Proponents of organic farming say that "conventional" farming is unsustainable, because it relies on artificial inputs (synthetic fertilizers and other chemicals, machinery, etc.) that ultimately requires energy in the form of fossil fuels, and because the land is degraded through soil erosion, salinization, and other processes that eventually render the soil infertile. Many claim that without cheap fossil fuels and government subsidies, conventional agriculture would not be possible, and that despite technological advancements, there will eventually be an agricultural crisis as a result of depleted soil. The cultivation of monocultures, many acres planted with the same crop year after year, increases susceptibility to pests and diseases and depletes the soil, while eliminating most native flora and fauna.

In contrast, organic farming often utilizes
intercropping, crop rotation, fallow periods, and integrated pest management to promote biodiversity and preserve the health of the soil while minimizing the risk of diseases. The main goal of organic farming is sustainability, so organic farms seek to minimize dependence on outside resources and be self-sufficient.

Small Farms

You would not make it on a small farm with only one crop. Not unless you had a full time job to go with it. Being small, you are forced to find a niche in the food market so you don't get bumped out by the companies that can do things twice as cheap as you (and are usually 20 times as big). This is why most small farms you see now are certified (or becoming certified) organic. That is their niche. They can charge what they need, the supply line is shorter so the shipping doesn't cost quite as much (some customers will even come to you!), and they can raise a huge variety of crops, ensuring that when you stop by a farm stand, there will be something that catches you eye, and you will spend some money. Plus, if they loose one crop, it isn't their whole years livelihood. The small farms I have been to and worked with, all have been organic, so I couldn't tell you much about the small conventional farms. I have never seen one that was successful.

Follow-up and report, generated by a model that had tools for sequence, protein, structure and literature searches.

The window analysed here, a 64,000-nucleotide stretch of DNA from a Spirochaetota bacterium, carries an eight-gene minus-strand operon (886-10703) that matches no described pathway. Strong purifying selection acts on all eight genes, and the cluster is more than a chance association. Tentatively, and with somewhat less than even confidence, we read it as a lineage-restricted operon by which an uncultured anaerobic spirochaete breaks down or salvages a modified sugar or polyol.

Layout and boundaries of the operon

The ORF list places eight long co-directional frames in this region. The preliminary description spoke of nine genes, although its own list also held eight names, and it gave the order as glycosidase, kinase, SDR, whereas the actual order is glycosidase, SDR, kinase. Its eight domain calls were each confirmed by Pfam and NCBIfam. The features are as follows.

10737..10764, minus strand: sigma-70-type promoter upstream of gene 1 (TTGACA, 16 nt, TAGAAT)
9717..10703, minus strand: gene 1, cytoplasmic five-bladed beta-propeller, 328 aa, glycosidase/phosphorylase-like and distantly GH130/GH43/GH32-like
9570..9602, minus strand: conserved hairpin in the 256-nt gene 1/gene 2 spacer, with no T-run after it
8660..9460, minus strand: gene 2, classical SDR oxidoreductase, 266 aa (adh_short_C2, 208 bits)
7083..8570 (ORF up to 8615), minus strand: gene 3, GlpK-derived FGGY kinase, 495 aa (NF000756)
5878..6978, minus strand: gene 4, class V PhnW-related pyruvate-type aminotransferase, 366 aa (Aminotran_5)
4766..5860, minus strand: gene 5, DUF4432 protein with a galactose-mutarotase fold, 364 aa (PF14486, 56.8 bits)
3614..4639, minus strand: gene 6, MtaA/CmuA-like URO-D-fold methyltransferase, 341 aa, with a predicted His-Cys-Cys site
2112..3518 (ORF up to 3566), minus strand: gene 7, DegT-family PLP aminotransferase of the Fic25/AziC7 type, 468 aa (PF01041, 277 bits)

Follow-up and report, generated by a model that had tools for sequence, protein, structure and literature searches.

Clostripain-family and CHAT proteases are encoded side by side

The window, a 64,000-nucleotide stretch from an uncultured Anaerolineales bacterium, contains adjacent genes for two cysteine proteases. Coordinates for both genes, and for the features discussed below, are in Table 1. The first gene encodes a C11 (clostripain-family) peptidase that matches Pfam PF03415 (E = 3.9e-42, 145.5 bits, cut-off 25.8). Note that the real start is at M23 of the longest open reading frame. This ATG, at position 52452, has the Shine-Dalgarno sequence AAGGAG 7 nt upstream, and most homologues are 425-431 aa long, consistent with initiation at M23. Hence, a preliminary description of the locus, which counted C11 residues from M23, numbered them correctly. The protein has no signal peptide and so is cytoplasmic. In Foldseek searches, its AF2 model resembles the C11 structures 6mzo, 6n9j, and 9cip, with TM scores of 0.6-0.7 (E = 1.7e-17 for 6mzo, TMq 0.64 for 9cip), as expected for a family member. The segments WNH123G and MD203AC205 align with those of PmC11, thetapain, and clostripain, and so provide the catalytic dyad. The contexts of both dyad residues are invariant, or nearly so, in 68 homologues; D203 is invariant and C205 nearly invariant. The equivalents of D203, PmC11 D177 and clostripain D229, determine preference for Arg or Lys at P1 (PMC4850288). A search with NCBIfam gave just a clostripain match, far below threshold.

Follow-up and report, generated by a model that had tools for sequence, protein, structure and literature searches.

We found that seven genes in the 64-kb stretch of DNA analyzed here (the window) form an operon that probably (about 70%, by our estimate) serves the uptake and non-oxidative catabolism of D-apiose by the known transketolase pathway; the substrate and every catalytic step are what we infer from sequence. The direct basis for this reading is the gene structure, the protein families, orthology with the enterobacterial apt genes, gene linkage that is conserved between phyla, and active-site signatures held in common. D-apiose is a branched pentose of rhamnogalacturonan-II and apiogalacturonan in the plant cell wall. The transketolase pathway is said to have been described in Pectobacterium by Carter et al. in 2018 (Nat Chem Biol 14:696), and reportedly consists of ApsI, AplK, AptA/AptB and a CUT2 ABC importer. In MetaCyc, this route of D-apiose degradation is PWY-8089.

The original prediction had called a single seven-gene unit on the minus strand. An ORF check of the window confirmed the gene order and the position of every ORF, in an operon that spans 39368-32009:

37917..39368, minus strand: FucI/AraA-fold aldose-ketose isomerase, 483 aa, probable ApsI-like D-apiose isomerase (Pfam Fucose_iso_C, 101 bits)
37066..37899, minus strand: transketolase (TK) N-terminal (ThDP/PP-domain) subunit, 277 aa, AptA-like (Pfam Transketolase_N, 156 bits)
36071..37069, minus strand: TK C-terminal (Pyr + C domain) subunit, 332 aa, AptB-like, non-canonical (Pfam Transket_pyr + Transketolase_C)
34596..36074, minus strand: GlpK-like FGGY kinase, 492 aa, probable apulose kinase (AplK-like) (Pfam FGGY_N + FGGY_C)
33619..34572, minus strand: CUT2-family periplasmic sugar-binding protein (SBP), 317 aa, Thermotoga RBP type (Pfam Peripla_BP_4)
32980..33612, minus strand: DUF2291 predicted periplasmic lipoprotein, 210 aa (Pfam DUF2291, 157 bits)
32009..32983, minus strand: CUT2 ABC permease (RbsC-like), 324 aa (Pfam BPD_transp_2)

A few things have been true in all of the smaller farms I have seen. First off, they are organic. Like stated above. Secondly, they are family based. They have a few seasonal hands that come in here and there for planting and for larger harvests, but mostly, it is a couple, or a couple with extended family that is doing most of the work. Thirdly, their crops are very diverse. Peas to harvest in May, corn and new potatoes to harvest in July, and pumpkins to harvest in October. And lastly, they are working mainly for the local market. I have heard of being part of a cooperative of farms, such as Organic Valley farms is for dairy products, which get their products shipped all over the country, but for the most part, if you are a small farm, you do most of your work (planting, to harvest, to marketing, shipping, and sales) by yourself. So you don't tend to travel as far.

For me these factors mean two things. I like the idea of supporting families. Individuals. Not the guys at the very top of a big business organic food chain, but the actual people growing my food. I like that idea. Also, I appreciate that the food was picked maybe days before. Not weeks, but days. It stands to reason that they are picked much closer to peak ripeness as their conventional, big business counterparts because they don't have to be shipped from 2000 miles away to get to me. This could (I am not sure on the subject and there are many arguments for and against) mean that my food has been able to extract more nutrients from the soil in which it stayed for the entire period of time Mother Nature intended... making it far more nutritious than the ones that were picked weeks ahead of that natural schedule meant to be shipped from farther away than I go on my average vacation.